Nationwide Agent Locator

interaction design, wireframes

Nationwide was a key client for Placeable in 2012. We were a small company with fewer than 25 employees, and they were a huge national brand. Maybe you have seen one of their television ads featuring that plucky up-and-comer Peyton Manning?

The Brief

They were unhappy with their current agent locator. It was pretty clunky. It didn’t look or work like any other locator and it wasn’t mobile friendly. Also, it was just about invisible to search engines, due to its URL structure.

We were developing a new platform to build locators, one that was both mobile friendly and SEO optimized.

Our contract included a seven-figure bonus if we hit our usage and SEO goals. We exceeded all our goals, and the Nationwide locator became a key sales tool for Placeable. (Placeable was acquired by Ignite Technologies in April 2017.)

home page of the mobile locator results page of the mobile locator details of the mobile locator

mobile screens

Our Process

I led the design of this agent locator, working with Nationwide’s excellent in-house UX team. Their UX department was huge, like 55 people, if I remember correctly. I worked mostly with one of their UX designers and a researcher, both of whom had been working on an updated version of their mobile app.

The Placeable team was very strong in local search. The key parts of our team had all worked together at Local Matters, a Denver company that built directory sites for yellow page companies all over the world. We had a good idea of what users wanted in a locator, and how to make it search engine friendly.

We worked mobile first. I created all the wireframess. We were very closely aligned in how the pages should work and what features were key. Their research meshed well with our understanding of what people wanted in a locator. It was an easy and productive working relationship.

The design timeline was aggressive but workable. We spent 4 to 6 weeks wireframing. We had periodic design review meetings with a larger team of Nationwide folks, and I led these, explaining the thinking behind the designs to the larger Nationwide team.

After the wireframes were complete, the Nationwide team created the UI designs. They were in midst of a site-wide redesign, and they basically applied their new design language to the wires.

After the comps were complete, we created clickable prototypes that were usability tested in their lab. Both the mobile and desktop designs were tested. They had a great lab and a really skilled tester running the sessions.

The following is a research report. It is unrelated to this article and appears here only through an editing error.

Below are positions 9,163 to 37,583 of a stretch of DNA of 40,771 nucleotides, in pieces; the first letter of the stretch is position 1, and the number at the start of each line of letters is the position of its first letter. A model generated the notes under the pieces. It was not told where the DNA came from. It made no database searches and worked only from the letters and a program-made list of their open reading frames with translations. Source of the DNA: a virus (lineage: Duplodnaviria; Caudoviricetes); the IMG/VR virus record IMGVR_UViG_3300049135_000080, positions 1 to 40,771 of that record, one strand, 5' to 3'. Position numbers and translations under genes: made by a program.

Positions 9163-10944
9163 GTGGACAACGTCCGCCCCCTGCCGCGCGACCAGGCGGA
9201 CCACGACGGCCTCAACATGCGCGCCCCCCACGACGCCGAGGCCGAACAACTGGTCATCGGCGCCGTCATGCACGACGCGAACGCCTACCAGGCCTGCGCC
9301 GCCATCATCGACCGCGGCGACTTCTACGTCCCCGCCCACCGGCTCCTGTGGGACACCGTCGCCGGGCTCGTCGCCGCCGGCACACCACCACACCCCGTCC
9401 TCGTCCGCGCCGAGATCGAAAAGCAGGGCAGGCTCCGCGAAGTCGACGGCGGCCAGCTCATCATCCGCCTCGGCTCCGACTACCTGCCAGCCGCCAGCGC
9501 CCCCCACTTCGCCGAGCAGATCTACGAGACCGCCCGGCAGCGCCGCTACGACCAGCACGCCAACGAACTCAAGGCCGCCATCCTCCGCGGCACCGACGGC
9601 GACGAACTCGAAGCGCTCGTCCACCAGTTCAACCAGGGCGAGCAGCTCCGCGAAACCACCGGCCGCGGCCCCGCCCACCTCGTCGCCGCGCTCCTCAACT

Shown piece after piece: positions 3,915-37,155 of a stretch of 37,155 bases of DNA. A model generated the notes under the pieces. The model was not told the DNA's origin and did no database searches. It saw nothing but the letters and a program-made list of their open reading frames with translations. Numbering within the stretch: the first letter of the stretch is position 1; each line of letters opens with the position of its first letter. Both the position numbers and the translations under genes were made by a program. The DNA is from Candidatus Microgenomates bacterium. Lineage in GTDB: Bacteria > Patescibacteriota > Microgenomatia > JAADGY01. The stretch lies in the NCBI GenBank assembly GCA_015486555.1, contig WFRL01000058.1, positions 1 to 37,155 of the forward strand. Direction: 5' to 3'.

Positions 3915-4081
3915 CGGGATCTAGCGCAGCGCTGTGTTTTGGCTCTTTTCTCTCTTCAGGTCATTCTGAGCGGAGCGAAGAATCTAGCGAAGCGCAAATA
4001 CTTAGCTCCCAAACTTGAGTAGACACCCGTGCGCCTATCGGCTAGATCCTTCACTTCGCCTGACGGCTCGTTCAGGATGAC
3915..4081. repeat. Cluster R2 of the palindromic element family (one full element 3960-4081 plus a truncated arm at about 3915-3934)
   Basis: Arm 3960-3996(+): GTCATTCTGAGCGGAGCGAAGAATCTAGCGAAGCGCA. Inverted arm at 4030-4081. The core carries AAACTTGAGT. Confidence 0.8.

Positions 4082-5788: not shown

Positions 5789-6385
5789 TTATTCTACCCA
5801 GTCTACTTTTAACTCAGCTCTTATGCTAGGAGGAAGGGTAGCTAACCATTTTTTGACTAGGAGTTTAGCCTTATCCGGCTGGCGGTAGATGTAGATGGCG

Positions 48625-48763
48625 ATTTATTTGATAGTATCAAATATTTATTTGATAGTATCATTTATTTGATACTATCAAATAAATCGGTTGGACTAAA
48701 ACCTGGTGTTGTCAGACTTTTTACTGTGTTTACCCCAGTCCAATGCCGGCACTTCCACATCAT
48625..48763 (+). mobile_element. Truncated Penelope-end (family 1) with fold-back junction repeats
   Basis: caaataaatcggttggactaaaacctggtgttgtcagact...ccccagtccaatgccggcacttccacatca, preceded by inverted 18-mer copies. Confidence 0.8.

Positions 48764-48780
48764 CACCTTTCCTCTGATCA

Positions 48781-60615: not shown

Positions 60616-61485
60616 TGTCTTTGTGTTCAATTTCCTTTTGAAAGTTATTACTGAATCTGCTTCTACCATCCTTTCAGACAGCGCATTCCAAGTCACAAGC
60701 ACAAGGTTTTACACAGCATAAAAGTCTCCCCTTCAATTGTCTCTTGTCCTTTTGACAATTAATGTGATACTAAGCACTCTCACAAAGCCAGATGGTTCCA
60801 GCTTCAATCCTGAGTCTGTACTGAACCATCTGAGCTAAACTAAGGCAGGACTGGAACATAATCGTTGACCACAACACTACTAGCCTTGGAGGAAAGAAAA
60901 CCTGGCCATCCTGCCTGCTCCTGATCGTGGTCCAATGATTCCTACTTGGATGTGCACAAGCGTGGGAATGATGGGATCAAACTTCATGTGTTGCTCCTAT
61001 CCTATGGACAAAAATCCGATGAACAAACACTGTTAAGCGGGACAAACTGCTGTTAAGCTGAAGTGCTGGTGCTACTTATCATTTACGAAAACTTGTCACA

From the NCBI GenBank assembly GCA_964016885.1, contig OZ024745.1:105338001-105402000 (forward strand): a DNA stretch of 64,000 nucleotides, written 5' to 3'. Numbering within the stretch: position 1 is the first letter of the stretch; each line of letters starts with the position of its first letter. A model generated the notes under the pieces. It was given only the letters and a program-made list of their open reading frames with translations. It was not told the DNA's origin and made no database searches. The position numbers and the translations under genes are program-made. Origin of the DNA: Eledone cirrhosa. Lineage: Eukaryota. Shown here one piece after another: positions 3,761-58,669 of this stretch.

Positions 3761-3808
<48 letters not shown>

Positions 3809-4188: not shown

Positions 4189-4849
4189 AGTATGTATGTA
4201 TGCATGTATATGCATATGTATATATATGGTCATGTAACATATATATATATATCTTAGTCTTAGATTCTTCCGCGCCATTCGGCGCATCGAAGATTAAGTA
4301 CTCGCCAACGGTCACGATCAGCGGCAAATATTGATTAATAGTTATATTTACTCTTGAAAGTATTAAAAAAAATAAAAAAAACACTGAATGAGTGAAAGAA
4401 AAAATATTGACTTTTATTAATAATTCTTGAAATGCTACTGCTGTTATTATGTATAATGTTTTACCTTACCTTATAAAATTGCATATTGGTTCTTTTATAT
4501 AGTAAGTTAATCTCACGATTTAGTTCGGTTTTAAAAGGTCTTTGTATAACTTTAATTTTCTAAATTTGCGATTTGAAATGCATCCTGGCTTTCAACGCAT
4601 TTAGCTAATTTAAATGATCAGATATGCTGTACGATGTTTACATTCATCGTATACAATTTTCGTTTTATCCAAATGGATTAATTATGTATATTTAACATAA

I was on hand in their headquarters in Columbus, OH to observe the testing. The designs tested well. Users were able to find agents, they understood how the pages worked, and were able to accomplish all of the key tasks we identified.

What We Learned

We learned that the “use my location” search made sense to users on mobile devices, but it “felt creepy” on the desktop. Nationwide is still using the application we designed, although the visual design has been updated slightly. (All the images on this page are screen shots of the application at launch.) It now includes the “use my location” feature on the desktop, which leads me to believe that people are more accustomed to this now.

Nationwide Agents are independent contractors. Typically they work in their own offices. However, in some cases many different agents share an office. This happens because Nationwide provides office space for newer agents. Some folks at Nationwide were worried that this would be confusing. That users would wonder why a number of agents, sometimes twenty or more, were all at the same location. We designed several approaches that collapsed these. None of these designs survived the usability tests. Users were confused by the attempts to collapse them. When they were presented as normal results, users either correctly guessed the reason, or pretty much did not care.

home page of the locator

search page

home page of the locator

search by name

home page of the locator

search results

home page of the locator

details page

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